The main opposition groups together formed the High Negotiations Committee (HNC) to present a common view during the talks. They met in Riyadh, Saudi Arabia and were insisting on the removal of Assad. In the initial rounds of talks, they were led by Riyad Hijab, who was a former prime minister in the Assad government and was a hardliner, demanding nothing less than the removal of Assad. In the recently concluded Riyadh II talks, Hijab had abruptly resigned and he was replaced by Nasr Hariri. This is seen by certain commentators as conceding the fact that the opposition no longer commands the upper-hand in Syria. Moreover, UN mediator Staffan de Mistura had bluntly told the HNC representatives that ‘they had not won the war’ and cannot continue with their demand for removal of Assad any longer. This realisation seems to be slowly drawing on the opposition groups.
Except for Saudi Arabia and Israel, the US and opposition groups have got no regional power backing their objective of dislodging Assad from power. According to certain reports, even Saudi Arabia backed out from financing the opposition militias. Qatar, once an ally, backed out of the war, of course dictated by its own interests. Jordan too shifted its position. Egypt was always backing Russia and its efforts. Iran was with Syria and so was Lebanon. Turkey was assiduously won by Russia, by conceding its demands on the exclusion of Kurds from the negotiations. Thus almost all the regional players have accepted the reality, shifted away from the US positions, adversely effecting the US influence in the region.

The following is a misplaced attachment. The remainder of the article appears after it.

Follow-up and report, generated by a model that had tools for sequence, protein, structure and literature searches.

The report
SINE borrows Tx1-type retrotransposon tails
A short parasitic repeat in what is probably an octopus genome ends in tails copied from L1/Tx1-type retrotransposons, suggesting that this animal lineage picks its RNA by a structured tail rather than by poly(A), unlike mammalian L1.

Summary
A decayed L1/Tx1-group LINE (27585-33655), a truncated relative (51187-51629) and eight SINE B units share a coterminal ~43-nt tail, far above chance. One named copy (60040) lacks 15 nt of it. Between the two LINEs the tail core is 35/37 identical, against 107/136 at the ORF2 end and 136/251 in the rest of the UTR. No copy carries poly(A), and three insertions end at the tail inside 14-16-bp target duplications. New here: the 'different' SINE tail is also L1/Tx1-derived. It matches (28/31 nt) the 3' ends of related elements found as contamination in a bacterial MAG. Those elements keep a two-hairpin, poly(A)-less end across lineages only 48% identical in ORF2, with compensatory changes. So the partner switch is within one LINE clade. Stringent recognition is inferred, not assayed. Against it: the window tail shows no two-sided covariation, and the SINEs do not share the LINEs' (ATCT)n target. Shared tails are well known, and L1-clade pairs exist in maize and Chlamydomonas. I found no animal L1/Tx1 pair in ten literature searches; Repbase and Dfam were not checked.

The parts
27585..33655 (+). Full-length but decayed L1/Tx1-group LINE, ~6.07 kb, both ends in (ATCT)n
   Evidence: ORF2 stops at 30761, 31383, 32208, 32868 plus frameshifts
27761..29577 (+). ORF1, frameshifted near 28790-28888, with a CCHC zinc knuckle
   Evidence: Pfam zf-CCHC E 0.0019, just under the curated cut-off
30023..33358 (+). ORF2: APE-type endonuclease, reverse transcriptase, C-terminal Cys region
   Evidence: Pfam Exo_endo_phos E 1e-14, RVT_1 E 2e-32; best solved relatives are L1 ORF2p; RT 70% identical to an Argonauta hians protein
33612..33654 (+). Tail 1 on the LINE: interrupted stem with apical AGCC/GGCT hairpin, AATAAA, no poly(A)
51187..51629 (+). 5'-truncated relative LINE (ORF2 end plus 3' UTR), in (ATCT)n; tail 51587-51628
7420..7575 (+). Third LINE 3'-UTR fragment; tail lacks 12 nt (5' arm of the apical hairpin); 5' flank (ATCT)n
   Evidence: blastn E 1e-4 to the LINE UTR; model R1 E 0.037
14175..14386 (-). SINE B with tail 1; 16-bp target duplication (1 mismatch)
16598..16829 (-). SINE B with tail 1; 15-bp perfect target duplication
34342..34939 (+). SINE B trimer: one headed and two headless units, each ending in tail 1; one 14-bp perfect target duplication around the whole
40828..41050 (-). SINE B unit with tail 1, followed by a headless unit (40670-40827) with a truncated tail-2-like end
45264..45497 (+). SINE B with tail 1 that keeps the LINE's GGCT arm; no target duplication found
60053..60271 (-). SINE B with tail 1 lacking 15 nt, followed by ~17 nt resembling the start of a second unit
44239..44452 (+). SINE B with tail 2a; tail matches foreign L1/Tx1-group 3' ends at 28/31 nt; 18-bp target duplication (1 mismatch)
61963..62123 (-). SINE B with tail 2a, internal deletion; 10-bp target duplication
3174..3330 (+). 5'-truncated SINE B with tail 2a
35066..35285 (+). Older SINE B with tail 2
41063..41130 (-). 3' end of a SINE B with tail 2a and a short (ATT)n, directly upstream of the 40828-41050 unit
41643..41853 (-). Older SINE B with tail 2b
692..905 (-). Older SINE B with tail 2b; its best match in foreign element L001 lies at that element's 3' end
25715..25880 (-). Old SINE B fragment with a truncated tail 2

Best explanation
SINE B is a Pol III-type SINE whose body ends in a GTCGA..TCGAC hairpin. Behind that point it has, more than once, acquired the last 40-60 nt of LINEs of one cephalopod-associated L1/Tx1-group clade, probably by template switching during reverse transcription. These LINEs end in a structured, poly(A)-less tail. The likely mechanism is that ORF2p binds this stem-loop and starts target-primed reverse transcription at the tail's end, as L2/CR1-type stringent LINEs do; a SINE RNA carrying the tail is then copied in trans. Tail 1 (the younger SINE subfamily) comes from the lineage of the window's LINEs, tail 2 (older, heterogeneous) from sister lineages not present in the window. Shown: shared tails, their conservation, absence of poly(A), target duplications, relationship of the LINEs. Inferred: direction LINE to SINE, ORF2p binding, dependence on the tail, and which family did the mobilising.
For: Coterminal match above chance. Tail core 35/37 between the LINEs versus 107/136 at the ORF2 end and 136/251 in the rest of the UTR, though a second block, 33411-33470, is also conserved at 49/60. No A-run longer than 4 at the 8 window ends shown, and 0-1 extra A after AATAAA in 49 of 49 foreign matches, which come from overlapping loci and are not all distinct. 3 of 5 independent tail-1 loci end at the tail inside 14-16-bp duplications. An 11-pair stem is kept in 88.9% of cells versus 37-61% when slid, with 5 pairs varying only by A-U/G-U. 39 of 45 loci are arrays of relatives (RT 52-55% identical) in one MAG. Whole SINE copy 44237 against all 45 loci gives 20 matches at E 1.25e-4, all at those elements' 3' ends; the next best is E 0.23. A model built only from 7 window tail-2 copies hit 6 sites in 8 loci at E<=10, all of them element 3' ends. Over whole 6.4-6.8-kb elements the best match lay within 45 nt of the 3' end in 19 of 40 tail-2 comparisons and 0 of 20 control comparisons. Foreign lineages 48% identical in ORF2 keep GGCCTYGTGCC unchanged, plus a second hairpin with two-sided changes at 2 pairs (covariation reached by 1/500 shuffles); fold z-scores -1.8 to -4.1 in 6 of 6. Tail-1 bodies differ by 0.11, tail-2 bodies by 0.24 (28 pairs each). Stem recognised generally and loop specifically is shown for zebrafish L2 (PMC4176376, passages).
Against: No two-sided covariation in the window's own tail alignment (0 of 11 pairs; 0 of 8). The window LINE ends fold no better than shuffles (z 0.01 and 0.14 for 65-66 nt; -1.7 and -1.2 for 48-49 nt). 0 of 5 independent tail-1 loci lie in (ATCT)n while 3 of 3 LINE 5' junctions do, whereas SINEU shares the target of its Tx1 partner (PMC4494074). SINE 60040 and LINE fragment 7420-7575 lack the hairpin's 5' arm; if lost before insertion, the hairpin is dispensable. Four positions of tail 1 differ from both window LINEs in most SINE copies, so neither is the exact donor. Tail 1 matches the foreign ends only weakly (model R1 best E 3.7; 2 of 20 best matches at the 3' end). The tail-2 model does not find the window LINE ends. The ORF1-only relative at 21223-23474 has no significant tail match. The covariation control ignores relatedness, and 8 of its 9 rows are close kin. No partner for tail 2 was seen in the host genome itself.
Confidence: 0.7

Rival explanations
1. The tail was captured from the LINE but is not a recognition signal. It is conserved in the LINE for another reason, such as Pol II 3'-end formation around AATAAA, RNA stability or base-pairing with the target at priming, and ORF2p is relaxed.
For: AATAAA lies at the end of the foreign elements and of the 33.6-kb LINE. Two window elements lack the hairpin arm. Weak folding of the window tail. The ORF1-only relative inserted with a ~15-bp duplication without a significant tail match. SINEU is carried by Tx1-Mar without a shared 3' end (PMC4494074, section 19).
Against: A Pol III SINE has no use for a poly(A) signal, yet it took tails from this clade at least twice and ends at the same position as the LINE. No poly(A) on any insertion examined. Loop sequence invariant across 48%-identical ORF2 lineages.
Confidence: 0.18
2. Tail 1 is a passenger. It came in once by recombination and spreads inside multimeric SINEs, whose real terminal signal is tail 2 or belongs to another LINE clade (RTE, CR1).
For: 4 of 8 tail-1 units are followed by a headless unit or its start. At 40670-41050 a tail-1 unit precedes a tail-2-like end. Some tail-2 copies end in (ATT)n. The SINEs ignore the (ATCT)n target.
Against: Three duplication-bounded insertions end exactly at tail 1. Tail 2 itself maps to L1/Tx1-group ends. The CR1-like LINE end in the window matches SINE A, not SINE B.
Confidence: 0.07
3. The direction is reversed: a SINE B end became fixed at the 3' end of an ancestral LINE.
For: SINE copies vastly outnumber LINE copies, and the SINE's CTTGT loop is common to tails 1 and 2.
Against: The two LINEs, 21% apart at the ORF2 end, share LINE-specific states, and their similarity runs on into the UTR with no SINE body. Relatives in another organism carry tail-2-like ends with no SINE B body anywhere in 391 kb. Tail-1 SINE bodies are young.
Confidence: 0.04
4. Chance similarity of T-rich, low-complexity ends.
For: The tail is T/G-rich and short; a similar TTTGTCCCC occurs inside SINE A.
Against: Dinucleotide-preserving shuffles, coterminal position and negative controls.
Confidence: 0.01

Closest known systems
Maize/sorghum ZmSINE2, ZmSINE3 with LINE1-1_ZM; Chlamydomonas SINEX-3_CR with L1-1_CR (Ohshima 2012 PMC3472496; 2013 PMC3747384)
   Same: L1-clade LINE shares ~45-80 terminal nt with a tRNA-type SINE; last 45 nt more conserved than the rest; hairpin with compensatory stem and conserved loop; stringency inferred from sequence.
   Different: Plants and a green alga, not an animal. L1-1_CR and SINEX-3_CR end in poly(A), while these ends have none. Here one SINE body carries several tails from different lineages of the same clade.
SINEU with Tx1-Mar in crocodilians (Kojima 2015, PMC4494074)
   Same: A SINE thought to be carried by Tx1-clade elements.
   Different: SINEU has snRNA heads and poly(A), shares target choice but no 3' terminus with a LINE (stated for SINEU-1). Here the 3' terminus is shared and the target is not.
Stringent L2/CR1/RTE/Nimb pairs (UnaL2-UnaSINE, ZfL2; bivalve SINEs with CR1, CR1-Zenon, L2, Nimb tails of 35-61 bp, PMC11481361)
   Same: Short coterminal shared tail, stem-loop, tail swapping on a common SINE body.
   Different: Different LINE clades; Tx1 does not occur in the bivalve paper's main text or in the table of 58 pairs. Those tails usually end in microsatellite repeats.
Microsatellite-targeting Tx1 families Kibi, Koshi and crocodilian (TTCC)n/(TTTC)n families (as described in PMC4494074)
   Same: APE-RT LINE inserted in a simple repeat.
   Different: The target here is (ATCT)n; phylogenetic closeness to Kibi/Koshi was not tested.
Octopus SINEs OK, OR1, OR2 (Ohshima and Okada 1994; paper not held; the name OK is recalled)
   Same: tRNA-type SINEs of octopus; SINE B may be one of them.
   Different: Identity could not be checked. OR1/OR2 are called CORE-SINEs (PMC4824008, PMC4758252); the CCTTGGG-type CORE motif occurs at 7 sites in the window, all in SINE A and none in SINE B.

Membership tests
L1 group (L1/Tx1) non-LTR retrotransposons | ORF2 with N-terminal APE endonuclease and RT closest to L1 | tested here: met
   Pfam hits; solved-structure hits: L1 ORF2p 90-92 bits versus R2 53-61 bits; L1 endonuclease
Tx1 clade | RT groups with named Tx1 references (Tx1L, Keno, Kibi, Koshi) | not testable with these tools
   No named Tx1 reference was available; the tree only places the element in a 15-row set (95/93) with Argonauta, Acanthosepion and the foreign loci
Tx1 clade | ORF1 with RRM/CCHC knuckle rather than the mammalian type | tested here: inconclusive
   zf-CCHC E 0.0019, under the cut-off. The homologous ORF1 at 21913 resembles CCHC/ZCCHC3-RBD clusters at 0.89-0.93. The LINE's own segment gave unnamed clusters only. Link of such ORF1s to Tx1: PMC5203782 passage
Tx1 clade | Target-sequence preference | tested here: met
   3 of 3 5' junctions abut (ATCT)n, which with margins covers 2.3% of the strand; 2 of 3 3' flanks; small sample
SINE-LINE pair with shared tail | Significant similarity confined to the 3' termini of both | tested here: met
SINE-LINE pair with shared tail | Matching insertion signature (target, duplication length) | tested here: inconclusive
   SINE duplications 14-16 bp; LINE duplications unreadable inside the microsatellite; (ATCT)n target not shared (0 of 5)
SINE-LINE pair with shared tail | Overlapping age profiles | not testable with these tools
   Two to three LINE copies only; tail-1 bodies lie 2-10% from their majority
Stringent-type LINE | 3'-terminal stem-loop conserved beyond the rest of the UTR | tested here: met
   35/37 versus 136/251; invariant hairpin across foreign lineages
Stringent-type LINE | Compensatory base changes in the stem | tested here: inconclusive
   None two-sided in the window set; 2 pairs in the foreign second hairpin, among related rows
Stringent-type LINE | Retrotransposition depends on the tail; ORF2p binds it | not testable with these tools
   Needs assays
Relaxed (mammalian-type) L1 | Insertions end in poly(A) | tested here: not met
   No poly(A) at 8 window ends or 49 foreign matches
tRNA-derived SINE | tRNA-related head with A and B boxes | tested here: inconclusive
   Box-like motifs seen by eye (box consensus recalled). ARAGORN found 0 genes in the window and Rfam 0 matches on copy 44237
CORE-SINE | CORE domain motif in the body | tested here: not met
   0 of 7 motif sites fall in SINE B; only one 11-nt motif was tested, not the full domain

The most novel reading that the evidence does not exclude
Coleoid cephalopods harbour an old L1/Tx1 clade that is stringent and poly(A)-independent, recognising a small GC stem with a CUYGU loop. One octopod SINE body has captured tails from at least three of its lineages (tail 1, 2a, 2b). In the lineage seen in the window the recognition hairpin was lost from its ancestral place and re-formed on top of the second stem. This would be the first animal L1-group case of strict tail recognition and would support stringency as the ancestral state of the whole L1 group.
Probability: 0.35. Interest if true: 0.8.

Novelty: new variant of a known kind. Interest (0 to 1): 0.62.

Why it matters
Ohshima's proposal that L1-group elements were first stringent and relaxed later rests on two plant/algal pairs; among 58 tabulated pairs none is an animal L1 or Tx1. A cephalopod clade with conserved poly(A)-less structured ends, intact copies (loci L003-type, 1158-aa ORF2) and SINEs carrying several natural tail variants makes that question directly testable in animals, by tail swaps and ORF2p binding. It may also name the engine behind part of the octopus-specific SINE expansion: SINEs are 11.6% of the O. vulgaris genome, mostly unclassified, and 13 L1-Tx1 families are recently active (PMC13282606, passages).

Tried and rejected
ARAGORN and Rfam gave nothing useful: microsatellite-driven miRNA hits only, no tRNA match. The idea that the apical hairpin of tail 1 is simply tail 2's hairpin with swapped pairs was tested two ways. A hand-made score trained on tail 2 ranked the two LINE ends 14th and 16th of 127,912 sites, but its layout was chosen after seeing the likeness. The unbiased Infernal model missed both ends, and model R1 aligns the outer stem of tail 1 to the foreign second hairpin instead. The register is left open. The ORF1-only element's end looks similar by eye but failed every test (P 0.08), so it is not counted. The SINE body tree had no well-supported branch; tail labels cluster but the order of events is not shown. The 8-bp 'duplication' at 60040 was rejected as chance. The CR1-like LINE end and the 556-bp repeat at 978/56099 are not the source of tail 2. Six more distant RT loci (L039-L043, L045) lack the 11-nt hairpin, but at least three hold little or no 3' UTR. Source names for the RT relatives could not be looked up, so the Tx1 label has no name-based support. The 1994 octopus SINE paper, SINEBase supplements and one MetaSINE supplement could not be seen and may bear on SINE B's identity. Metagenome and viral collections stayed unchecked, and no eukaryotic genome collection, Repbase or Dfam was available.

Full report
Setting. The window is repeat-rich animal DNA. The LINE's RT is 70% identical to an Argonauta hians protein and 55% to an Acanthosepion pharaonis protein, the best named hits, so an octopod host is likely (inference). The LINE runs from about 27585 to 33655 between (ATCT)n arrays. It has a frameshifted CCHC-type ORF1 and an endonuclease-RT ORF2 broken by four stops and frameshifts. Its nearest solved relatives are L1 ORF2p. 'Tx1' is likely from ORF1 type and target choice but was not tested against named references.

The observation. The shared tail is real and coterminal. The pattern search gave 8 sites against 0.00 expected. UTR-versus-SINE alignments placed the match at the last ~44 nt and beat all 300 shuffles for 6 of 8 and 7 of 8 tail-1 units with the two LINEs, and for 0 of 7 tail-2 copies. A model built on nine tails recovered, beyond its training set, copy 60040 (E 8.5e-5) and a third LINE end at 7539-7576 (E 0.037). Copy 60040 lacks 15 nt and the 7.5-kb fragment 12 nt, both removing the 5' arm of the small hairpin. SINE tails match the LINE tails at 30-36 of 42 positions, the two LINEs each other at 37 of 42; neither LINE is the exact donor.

Russian advance and the shifting ground realities in the region forced the US too, to slightly modify its earlier positions. The joint statement issued by Putin and Trump, when they met on November 11 in Vietnam suggests as much. Taking note of President Assad’s ‘commitment to the Geneva process and constitutional reform and elections’ and stating that there is no military solution, but only a ‘political solution’, the statement declares that both the presidents: “affirmed their commitment to Syria’s sovereignty, unity, independence, territorial integrity, and non-sectarian character”. For the first time, the US had accepted President Assad and Syria’s sovereignty. In a phone call to Turkish President Erdogan, Trump pledged to ensure the stability of a ‘unified Syria’ and committed that ‘US will no longer supply arms to the Syrian Kurdish militia’ whom Turks regard as terrorists. This also means indirectly, acceptance of its failure to carve zones of influence out of Syria, apart from dislodging Assad.
The Sochi declaration adopted by Russia, Iran and Turkey stated that the ‘sovereignty, independence, unity and territorial integrity of Syria’ will be respected and that the three countries will work for the establishment of peace and stability. They had also endorsed the Russian proposal to host a National Dialogue Congress, involving the representatives of the Syrian government and all opposition groups to enable them draft a new constitution and hold elections on that basis, under UN supervision. The declaration also appealed to all the world powers to join hands in extending humanitarian assistance to Syria and help in its post-war reconstruction.
These Syrian developments symbolised by the meeting of three heads of the State – Russia, Iran and Turkey – in Sochi were enthusiastically welcomed. Some Iranian media outlets termed this as a precursor to the dawn of a ‘new middle-east’, where the influence of US, Israel and Saudi Arabia is diminished. It may be long drawn to concur with that conclusion. Nonetheless, it can be clearly stated that for the first time in the post 1991 world, the US was pushed to the sidelines. It succeeded in Iraq and in Libya, where Saddam Hussein and Gadaffi were ousted, killed and chaos was let loose in those countries. The US is able to dictate terms to these two countries and ensure its permanent presence, in the process unleashing unprecedented sectarian strife. For the first time, US was checkmated in Syria. It failed to dislodge Assad. It failed to gain a foothold in that country and hence a hold over Iran, a huge regional power. The significance of these developments should not be lost.